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Starred by 2 users
Status: Fixed
Owner:
Closed: Aug 8
Cc:
Components:
HW: All
OS: All
Priority: 2
Type: Bug



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object creation seems to slow down
Reported by matteo.c...@gmail.com, Aug 2 Back to list
Version: 6.0.286.45
OS: Mac OS X 10.12
Architecture: x64

What steps will reproduce the problem?

run: https://gist.github.com/mcollina/9eb14178619460789f9db20e06ed759c

Using V8 6.0.286.45 (from node), I got:

empty loop: 62.695ms
literal: 2367.563ms

With V8 5.8.283.41 (Node 8.2.1), I got:

empty loop: 47.828ms
literal: 1010.933ms

While empty-looping has slowed down, allocating objects seems to have slow 2x.

Things are getting better on V8 6.1.459:

empty loop: 67.859ms
literal: 1758.019ms


 
Cc: bmeu...@chromium.org cbruni@chromium.org
Labels: Performance HW-All OS-All Priority-2
Status: Available
Maybe related to object literals? +cc bmeurer, cbruni.
Owner: jgruber@chromium.org
I'll have a look tomorrow.
I have checked also with constructors and classes, and I have observed the same behavior. I'm not sure how to measure the impact of this in production applications.
I would bet this is related to the loop being simply eliminated. I expect there are different results if there's a meaningful effect occurring in the loop body
then again, I dunno --- it seems like on OSR entry, the `literals` function should see similar benefits, I would be surprised if objects were still allocated/the loop was still there. But maybe the baseline case + GC pauses would be enough to make the 1000-2000ms difference.

Anyways, leaving the discussion to more knowledgable people :)
It does seem the loop is not eliminated and the objects are being created. 

My bad the numbers above are for V8 5.1.281.103 (Node 6).

empty loop: 48.482ms
literal: 1039.456ms

V8 5.8 has the same performance of V8 6.0.

Both versions are in the 1550-1560 Scavenge run cycles.
Cc: u...@chromium.org
I think your benchmark is not measuring what you want to measure. This seems to be dominated by the store buffer overflow on the assignment to the "obj" global object property (in case of d8) or context slot (in case of node). If you modify the benchmark slightly (in a safe way that both d8 and node behave similarly), then you actually measure the allocation overhead I think:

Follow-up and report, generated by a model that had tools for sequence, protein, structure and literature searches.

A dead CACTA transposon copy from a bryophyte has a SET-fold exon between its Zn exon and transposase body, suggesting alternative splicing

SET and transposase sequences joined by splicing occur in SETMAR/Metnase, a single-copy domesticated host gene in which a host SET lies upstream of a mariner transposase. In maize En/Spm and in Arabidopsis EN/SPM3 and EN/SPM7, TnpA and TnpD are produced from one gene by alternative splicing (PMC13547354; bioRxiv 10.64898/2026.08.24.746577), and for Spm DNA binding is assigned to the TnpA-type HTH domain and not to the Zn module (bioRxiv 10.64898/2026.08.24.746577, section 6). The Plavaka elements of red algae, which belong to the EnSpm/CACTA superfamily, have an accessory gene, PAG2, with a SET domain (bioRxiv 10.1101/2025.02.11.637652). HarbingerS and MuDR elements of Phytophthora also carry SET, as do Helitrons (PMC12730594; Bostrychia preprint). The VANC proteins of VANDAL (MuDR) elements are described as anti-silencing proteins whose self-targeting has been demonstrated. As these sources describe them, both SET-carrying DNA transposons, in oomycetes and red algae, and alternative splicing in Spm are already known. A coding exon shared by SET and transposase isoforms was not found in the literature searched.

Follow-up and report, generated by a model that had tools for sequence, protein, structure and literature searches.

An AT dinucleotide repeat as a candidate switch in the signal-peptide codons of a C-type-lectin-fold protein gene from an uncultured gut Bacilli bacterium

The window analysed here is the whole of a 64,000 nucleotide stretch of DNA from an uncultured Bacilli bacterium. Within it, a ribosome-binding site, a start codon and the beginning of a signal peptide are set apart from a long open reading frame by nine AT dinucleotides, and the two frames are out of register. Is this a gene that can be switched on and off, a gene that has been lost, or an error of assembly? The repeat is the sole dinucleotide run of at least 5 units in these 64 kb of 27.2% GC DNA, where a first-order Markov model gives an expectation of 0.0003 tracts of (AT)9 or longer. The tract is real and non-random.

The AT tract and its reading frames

========================================
(function() {
  var max = 100000000

  console.time('empty loop')

  function loop () {
    for (var i = 0; i < max; i++) {}
  }

  loop()

  console.timeEnd('empty loop')

  console.time('literal')

  function literal () {
    var obj = null
    for (var i = 0; i < max; i++) {
        obj = { i }
      }
    return obj;
  }

  literal()
  console.timeEnd('literal')
})();
========================================

Now the results look roughly the same (within noise):

============================================================
$ ./d8-6.0.286.36 matteo.js
empty loop: 108.429000
literal: 468.233000
$ ./d8-6.1.534.15 matteo.js
empty loop: 108.305000
literal: 471.232000
$ out/Release/d8 matteo.js
empty loop: 108.241000
literal: 480.974000
$ ~/Applications/node-v6.10.0-linux-x64/bin/node matteo.js
empty loop: 81.328ms
literal: 460.296ms
$ ~/Applications/node-v8.1.2-linux-x64/bin/node matteo.js
empty loop: 82.764ms
literal: 459.173ms
============================================================

But it's also possible that I'm missing something here.
Just to clarify, why the previous one regressed between V8 5.1 and V8 6.0?
Assigning things to an outer context has regressed?

(function () {
var max = 100000000

console.time('empty loop')

function loop () {
  for (var i = 0; i < max; i++) {}
}

loop()

console.timeEnd('empty loop')

console.time('assignment')
var n = 0

function literal () {
  for (var i = 0; i < max; i++) {
    n = i
  }
}

literal()
console.timeEnd('assignment')
})()

the above take the same amount of time in both Node 6.11 and 8.2.1, but it increases 30% in node master with V8 60, and it drops again with V8 61.
Cc: mlippautz@chromium.org
Components: GC
AFAIK the way the store buffer is implemented changed significantly since 5.1 (which is ancient BTW). I added the GC folks to help answering the question.